By Tedford J. Taylor
No topic is a less likely conversation-starter than our eventual deaths. Still, there is a lot to talk about.
When polled, about 90 percent of people presented with end-of-life scenarios prefer the prospect of dying at home with family and a plan for treatment for comfort, rather than unlimited care in an intensive care unit (ICU). Does that surprise anyone?
Nearly 40 years ago, the parents of Karen Ann Quinlan, distraught as they watched machines keep their daughter alive, launched a court battle in New Jersey to discontinue care they believed only prolonged their family agony. That litigation resulted in the New Jersey Supreme Court recognizing the "right to die" naturally and with dignity in our era of high-technology medicine.
That right was secured when a 2011 law, signed by Gov. Christie, set in motion this year's unveiling of the new Practitioner Orders for Life Sustaining Treatment (POLST) form. When the two-page form is completed and signed by both the patient and doctor, POLST is literally "doctor's orders," and is included in the patient's records. That makes it fundamentally different from the advance directives or living wills that many people have had for years.
POLST is for patients who know they are, or abruptly could be, near the end of their lives. It is strongly recommended for people in nursing homes and hospice care, those suffering an advanced life-limiting illness, and the frail and weak challenged by routine daily activities.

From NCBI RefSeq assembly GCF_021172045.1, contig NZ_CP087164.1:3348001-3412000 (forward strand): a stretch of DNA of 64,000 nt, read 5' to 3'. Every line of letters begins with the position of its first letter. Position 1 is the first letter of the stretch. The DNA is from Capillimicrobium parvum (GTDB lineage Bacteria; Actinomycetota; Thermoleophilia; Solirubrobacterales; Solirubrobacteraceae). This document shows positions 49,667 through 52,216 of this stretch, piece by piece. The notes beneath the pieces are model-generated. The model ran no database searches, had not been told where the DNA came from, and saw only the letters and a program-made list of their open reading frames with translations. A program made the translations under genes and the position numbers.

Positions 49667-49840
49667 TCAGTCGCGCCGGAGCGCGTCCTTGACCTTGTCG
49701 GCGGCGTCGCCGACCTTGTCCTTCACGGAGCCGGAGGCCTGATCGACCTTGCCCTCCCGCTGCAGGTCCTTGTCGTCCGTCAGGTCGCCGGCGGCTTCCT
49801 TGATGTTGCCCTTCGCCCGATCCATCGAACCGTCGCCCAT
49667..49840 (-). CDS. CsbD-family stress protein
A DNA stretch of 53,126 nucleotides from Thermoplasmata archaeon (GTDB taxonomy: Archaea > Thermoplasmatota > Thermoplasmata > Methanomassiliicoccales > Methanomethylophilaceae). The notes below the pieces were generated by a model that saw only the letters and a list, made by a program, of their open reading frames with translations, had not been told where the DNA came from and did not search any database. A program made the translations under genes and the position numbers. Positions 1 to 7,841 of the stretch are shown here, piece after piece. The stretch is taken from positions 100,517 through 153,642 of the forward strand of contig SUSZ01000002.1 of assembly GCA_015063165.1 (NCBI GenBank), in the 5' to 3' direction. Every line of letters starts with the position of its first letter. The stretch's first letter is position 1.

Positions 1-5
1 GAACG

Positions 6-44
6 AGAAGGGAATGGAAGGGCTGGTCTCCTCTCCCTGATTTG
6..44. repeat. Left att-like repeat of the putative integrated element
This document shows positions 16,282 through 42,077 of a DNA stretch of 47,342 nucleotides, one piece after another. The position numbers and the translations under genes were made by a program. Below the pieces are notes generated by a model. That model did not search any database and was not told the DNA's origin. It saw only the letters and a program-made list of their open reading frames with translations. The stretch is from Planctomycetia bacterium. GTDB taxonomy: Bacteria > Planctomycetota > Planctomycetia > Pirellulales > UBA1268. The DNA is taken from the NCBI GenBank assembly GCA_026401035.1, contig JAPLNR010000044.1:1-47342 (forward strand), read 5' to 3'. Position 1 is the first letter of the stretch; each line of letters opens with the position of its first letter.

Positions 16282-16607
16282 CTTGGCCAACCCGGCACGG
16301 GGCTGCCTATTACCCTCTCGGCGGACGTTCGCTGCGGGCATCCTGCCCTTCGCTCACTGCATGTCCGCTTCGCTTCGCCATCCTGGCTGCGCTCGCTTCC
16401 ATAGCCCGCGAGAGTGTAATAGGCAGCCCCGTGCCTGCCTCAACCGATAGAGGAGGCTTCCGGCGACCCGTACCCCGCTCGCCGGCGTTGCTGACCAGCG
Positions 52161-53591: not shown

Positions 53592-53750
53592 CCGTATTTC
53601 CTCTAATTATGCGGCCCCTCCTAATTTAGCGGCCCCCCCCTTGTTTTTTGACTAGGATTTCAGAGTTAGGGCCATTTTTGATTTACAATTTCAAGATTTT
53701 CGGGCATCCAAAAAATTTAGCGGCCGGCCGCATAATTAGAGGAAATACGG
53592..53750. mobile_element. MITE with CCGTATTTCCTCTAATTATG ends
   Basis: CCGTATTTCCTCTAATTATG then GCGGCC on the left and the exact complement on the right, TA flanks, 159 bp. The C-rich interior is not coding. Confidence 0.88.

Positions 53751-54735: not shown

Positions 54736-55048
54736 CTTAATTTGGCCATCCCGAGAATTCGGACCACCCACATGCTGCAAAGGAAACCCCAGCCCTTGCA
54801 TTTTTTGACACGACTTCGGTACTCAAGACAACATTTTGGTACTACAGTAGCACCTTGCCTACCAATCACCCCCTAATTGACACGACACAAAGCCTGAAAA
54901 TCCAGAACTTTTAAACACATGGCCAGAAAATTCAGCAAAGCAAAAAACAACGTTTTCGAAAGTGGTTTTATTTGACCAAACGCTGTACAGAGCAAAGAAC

Patients complete the form with their doctors, beginning with a statement of the "goals of care." Just as the medical record of a patient's tests and previous diagnoses guides treatment, so does POLST.
Slightly more than one in five deaths in the United States occurs in the ICU. Most of those deaths befall people who, if medicine can help enough during their crisis, will return to a full life. A humane society does no less.
But for a frail, elderly patient living in a care facility with advanced Alzheimer's disease who suffers a heart attack, we often do too much. POLST is that person's voice in the final medical emergency when she or he cannot speak, telling family and medical professionals which treatments are permitted and which are not.
To help the conversation, the Ethics Committee at Robert Wood Johnson University Hospital Hamilton makes available information about POLST and the more familiar advance directives.
An advance directive names a medical representative in the event we cannot make our own decisions. They are a good idea for all adults, including everyone in good health. And patients who know they are nearing the end certainly should have a directive. But they are not a substitute for POLST, which is a binding medical order that allows or declines specific treatments. Without a completed POLST, the medical representative will have to make those painful decisions.
It is healthy to love life, so it is natural to avoid thinking of our deaths. Many patients, though, bravely and maturely affirm their lives by making their own decisions about end-of-life care while they can. For them, their families, and their doctors, considering and completing the POLST form is an act of love and strength that begins with a conversation.